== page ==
Jewish groups in the Netherlands and Britain have voiced indignation over the docking in Rotterdam of the world’s largest ship, the Pieter Schelte, which is named after a Dutchman who served in the Nazi Waffen SS, the Guardian reported Saturday.
“Naming such a ship after an SS officer who was convicted of war crimes is an insult to the millions who suffered and died at the hands of the Nazis,” Jonathan Arkush, the vice-president of the Board of Deputies of British Jews, was quoted as saying. “We urge the ship’s owners to reconsider and rename the ship after someone more appropriate.”
Pieter Schelte Hereema was in the SS during the German occupation of the Netherlands in World War II, but later joined the Resistance.
Esther Voet, who directs the Hague-based Center for Information and Documentation on Israel, bemoaned the timing of the ship’s arrival in port, on the eve of the 70th anniversary of the liberation of Auschwitz, saying it was “a coincidence, I’m sure, but a sign of the times. We lost our battle to have the ship’s name changed, and we are left eating dust.”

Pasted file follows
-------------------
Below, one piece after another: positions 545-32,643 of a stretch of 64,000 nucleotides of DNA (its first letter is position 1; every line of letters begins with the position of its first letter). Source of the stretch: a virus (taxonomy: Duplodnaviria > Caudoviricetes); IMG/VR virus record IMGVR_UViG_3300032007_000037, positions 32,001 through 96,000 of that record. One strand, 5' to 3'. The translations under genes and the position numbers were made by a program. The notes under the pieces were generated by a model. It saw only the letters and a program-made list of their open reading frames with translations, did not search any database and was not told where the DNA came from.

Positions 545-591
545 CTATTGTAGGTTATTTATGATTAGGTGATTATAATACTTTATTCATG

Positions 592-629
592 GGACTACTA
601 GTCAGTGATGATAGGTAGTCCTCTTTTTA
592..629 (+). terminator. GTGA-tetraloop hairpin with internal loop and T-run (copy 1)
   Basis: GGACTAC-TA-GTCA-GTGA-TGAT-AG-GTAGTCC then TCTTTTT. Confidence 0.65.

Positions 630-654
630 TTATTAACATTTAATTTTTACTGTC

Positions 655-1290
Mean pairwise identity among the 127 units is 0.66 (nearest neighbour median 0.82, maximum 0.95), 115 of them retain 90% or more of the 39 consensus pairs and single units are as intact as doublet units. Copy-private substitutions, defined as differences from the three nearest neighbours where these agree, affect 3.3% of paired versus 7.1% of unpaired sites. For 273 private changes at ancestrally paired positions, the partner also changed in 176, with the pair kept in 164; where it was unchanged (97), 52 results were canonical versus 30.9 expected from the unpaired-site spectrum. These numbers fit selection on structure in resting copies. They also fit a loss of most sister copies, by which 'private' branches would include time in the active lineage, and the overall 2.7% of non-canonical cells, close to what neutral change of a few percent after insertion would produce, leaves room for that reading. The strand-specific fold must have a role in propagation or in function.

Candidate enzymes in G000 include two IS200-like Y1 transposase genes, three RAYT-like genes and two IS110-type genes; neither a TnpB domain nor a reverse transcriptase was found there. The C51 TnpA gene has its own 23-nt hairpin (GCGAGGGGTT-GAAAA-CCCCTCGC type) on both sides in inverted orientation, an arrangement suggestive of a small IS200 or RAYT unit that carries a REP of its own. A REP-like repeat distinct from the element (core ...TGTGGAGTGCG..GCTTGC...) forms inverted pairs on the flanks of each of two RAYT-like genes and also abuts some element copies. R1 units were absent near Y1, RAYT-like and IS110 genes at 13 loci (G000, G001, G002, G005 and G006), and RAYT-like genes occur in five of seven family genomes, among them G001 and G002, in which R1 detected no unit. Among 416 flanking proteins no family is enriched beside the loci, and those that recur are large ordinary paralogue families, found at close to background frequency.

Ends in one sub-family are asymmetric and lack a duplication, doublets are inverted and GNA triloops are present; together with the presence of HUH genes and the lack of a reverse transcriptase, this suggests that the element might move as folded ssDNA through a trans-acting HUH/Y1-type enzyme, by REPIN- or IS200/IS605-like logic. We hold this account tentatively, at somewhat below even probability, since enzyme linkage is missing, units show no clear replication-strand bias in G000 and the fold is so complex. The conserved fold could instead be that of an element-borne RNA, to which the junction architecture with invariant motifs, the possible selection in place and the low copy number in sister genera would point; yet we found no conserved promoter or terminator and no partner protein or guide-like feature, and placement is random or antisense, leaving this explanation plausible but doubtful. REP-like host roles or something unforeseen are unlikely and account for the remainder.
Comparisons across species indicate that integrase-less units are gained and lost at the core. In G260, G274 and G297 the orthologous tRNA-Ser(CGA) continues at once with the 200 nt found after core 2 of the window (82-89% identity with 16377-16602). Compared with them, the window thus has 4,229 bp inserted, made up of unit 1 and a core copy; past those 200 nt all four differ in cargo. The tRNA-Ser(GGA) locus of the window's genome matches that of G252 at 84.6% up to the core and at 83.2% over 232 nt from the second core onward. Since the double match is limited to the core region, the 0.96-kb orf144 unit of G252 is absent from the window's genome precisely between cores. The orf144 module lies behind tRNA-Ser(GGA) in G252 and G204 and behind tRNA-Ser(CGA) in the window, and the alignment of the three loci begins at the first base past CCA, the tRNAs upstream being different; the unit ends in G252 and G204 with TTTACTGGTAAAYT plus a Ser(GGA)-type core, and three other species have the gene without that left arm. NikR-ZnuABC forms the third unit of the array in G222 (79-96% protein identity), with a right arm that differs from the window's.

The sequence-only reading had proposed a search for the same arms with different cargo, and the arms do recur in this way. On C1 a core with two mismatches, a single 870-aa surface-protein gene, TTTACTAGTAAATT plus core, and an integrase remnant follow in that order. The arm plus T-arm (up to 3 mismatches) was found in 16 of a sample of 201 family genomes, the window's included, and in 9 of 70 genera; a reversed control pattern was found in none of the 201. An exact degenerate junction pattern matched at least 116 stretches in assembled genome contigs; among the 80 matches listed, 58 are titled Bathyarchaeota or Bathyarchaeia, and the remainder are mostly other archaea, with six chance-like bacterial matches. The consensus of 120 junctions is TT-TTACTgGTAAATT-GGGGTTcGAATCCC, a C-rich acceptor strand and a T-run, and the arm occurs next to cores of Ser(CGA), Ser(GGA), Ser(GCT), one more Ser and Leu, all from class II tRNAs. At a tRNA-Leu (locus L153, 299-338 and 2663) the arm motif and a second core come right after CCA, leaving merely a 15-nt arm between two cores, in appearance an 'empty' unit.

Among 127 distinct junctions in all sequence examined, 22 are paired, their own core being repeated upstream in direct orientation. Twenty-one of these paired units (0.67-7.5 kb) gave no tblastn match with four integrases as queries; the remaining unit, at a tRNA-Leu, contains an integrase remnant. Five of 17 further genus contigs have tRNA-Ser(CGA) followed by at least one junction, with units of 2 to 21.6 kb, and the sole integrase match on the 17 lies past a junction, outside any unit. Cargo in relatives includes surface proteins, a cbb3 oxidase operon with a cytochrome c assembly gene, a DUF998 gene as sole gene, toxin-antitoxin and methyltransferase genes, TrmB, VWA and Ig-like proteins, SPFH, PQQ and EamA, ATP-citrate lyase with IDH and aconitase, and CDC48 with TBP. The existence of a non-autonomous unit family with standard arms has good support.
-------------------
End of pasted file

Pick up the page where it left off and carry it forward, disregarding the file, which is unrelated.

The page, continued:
The ship, capable of lifting oil rigs five times heavier than the Eiffel Tower, arrived in Rotterdam on January 8 for finishing touches before entering service.
The nearly 400-meter-long Pieter Schelte Heerema arrived in Europe’s largest port from South Korea where it was built, ahead of starting work lifting rigs and laying pipelines this summer.
“The length and breadth combined cover a surface equivalent to eight football pitches,” said Jeroen Hagelstein of Allseas, which owns the boat that can lift oil rigs weighing up to 48,000 tonnes.
Allseas is owned by Edward Heerema, the Dutch son of Pieter Schelte Heerema.
“We’ve fought this for 10 years, tried to persuade everyone involved that this was offensive,” Voet told the Guardian. “But no, we’re left with this fact: The largest ship in the world is named after an officer in the SS, and not enough people are offended to get this changed.”
AFP contributed to this report.